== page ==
Gene found for cleft palate
Experts feel this discovery will help development of medical approaches to prevent the condition.
A cleft lip is the result of a gap forming in the upper lip. If the gap extends into the roof of the mouth it is called a cleft palate. Clefts are failures in newly forming jaw structures beginning about Carnegie stage 16, and are among the most common birth defects.
Each year, approximately 250,000 babies worldwide are born with a cleft, or about two babies a day in the United Kingdom (UK). An international team, led by Newcastle University, UK, and the University of Bonn in Germany, has now found variants near a gene called GREM1 (Gremlin1) significantly increase risk for both.
The research paper is published in the journal PLoS Genetics.
"The findings reveal a link between GREM1 and specific clinical characteristics that arise in the formation of a cleft lip and palate.
"This is very important in this research area as it helps decipher the complex interplay between genes required for different steps in different tissues during lip and palate development.
"A cleft lip can occur with or without a cleft palate and genetic factors that predispose palate involvement are largely unknown."
Heiko Peters PhD, Reader in Mammalian Genetics, Newcastle University's Institute of Genetic Medicine, and senior author.
Dr. Peters studies embryogenesis, or bringing about and morphogenesis of organs through a series of tissue interactions. This involves modifications of gene expression patterns which coordinate growth, shape and differentiation in a newly forming organ. He uses the developing tooth of the mouse as his primary model system. His laboratory investigates the molecular “cross-talk” that regulates early tissue interactions.
Analysis of genetic and clinical data from three large patient groups, identified a strong relationship between a region on chromosome 15 and the clefting of the human lip and palate. Experiments on mice investigating when and where GREM1 is normally active during facial development, found it is not the loss of GREM1 function but rather its increased activity that causes the cleft palate condition.
This is the second gene shown to be linked to the condition in which a cleft of the lip and a cleft of the secondary palate occur together.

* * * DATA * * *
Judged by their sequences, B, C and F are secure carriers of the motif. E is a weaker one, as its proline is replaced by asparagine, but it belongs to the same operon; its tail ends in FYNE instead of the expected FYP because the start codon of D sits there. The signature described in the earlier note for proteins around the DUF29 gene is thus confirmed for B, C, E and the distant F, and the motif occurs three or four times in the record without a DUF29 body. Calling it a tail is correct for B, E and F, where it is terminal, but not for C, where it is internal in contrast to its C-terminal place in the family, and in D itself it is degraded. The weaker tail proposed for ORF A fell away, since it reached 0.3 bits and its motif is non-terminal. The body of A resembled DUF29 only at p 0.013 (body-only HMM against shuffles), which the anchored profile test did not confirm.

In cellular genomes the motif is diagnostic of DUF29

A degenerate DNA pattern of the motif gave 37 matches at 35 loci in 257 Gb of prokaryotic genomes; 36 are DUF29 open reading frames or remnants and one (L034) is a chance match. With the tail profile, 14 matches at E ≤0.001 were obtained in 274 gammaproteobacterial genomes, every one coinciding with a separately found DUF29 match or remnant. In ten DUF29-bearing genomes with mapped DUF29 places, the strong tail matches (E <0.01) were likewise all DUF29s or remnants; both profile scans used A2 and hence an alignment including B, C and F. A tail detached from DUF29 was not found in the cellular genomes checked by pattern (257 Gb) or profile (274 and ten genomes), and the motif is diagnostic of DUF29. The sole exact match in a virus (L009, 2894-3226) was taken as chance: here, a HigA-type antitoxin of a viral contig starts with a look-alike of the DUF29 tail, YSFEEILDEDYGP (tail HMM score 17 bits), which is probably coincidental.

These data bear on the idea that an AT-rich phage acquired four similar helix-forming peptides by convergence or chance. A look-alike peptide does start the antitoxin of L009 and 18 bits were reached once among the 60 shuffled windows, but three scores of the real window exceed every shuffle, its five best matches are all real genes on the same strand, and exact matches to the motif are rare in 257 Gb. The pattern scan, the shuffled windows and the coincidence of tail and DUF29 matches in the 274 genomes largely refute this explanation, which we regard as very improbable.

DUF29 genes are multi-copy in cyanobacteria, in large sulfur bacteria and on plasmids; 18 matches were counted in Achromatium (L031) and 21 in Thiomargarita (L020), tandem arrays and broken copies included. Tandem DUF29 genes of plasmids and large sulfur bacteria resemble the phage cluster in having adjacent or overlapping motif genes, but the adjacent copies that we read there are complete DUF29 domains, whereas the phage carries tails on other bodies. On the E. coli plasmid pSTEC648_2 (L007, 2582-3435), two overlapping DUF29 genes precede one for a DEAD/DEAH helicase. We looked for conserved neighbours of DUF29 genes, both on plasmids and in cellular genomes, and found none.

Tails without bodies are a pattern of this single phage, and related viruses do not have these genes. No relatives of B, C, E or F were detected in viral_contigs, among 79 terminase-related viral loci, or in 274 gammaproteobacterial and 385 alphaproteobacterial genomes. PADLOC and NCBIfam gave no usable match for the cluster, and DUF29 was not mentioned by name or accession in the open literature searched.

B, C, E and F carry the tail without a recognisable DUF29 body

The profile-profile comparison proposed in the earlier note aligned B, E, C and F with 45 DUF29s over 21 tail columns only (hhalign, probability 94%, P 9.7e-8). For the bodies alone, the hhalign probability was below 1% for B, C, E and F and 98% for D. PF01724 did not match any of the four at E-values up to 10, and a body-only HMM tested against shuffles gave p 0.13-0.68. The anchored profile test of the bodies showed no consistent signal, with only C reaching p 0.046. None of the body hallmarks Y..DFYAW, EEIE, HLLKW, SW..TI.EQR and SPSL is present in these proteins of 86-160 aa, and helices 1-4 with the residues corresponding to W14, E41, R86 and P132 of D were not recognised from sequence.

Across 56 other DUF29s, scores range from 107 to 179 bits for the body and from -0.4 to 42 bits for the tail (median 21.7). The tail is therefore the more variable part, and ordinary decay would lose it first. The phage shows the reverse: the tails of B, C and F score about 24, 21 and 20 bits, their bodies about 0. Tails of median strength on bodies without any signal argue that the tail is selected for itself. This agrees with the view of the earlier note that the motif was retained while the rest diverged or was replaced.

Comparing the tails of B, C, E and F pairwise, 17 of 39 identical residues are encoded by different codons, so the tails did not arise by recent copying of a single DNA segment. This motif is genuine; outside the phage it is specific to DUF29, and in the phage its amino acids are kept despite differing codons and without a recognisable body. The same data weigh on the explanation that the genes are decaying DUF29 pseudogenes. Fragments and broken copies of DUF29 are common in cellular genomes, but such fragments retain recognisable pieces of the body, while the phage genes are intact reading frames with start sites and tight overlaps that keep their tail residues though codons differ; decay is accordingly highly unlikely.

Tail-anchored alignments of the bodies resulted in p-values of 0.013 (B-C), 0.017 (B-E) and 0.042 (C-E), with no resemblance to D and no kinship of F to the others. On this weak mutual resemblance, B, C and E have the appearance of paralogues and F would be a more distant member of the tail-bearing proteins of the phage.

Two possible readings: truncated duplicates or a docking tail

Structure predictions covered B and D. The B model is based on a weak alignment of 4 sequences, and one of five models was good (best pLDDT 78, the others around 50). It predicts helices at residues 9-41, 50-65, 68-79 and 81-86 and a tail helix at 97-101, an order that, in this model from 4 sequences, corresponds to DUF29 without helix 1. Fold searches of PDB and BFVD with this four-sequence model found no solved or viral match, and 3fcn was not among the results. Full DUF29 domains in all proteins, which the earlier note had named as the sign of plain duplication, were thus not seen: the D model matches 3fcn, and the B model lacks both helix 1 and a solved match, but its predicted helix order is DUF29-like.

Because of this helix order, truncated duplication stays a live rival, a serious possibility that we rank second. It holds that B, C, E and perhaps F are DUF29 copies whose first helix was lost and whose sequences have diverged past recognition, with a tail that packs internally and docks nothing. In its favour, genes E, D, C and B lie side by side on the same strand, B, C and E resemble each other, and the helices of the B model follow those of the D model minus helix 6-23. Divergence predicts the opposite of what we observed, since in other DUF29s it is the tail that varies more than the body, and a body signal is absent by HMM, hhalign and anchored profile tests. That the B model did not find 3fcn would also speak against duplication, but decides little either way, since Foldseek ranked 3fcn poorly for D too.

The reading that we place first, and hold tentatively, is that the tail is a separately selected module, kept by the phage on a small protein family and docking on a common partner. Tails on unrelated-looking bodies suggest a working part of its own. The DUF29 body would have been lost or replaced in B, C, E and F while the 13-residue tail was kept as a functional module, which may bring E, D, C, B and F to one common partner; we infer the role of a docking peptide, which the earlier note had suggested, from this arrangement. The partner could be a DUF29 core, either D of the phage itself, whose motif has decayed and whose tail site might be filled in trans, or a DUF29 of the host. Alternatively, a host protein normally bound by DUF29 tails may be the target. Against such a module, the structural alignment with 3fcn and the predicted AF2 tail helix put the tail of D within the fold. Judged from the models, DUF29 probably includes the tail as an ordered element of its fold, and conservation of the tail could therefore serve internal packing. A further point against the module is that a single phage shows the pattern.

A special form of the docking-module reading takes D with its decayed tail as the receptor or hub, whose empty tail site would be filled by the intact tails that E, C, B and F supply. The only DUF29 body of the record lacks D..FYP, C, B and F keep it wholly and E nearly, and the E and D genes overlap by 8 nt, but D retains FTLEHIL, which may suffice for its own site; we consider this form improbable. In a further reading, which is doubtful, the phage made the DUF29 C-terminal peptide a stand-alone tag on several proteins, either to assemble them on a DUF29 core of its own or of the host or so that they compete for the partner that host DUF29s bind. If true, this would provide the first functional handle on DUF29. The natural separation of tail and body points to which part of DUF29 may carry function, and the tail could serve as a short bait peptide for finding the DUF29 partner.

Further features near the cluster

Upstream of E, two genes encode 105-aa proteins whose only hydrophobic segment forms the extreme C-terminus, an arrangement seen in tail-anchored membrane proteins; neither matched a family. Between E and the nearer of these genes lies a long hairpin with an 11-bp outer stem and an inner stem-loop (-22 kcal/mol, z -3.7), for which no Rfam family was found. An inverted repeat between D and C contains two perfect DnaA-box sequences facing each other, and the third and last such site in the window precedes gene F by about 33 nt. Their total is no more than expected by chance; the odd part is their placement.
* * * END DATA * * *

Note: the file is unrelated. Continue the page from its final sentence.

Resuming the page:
Dr Peters: "These findings provide a framework for further analyses of GREM1 in human cell systems and model organisms, broadening our understanding of the processes that regulate the shape of the face."
Although not life-threatening for patients who can access postnatal surgery, cleft lip and palate requires multidisciplinary care by ear, nose and throat experts, orthodontists and speech therapists. Children with the condition can have dental issues, speech problems and are at increased risk of serious ear infections and hearing loss.
Currently, scientists only have a fragmented picture of which genes are required for lip and palate development. Or, how environmental factors might interact with genetic risk factors. To establish prevention, scientists must identify all genetic risk factors to understand how gene to gene and even gene to environment interactions interfere with lip and palate growth.
As the use of personalised medicine increases, understanding how genetic changes alter fetal development will become increasingly important.
In particular for conditions such as cleft lip and palate — which appear to be caused by a combination of genetic and environmental factors, such as smoking and/or certain medicines used by the mother.
Further studies will focus on identifying genes and environmental factors that interact with GREM1.
Clefts of the lip and palate are common birth defects, and require long-term multidisciplinary management. Their etiology involves genetic factors and environmental influences and/or a combination of both, however, these interactions are poorly defined. Moreover, although clefts of the lip may or may not involve the palate, the determinants predisposing to specific subphenotypes are largely unknown. Here we demonstrate that variations in the non-coding region near the GREM1 gene show a highly significant association with a particular phenotype in which cleft lip and cleft palate co-occur (nsCLP; P = 8.13×10−14). Our data suggest that the risk is even higher for patients who have a cleft lip and a cleft of the soft palate, but not of the hard palate. Interestingly, this subphenotype corresponds to the expression of the mouse Grem1 gene, which is found in the developing lip and soft palate but not in the hard palate. While Grem1-deficient mice display no lip or palate defects, we demonstrate that ectopic Grem1 protein alters palatal shelve morphogenesis. Together, our results identify a region near GREM1 as the second, genome-wide significant risk locus for nsCLP, and suggest that deregulated GREM1 expression during craniofacial development may contribute to this common birth defect.
Kerstin U. Ludwig, Syeda Tasnim Ahmed, Anne C. Böhmer, Nasim Bahram Sangani, Sheryil Varghese, Johanna Klamt, Hannah Schuenke, Pinar Gültepe, Andrea Hofmann, Michele Rubini, Khalid Ahmed Aldhorae, Regine P. Steegers-Theunissen, Augusto Rojas-Martinez, Rudolf Reiter, Guntram Borck, Michael Knapp, Mitsushiro Nakatomi, Daniel Graf, Elisabeth Mangold, Heiko Peters
Meta-analysis reveals genome-wide significance at 15q13 for nonsyndromic clefting of both the lip and the palate, and functional analyses implicate GREM1 as a plausible causative gene
Published in PLoS Genetics. DOI: 10.1371/journal.pgen.1005914
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Apr 13, 2016 Fetal Timeline Maternal Timeline News News Archive
RED indicates the margins of the mouse cranial folds coming together to meet as the jaw and mouth.
Image Credit: Science In The Classroom, Science, AAAS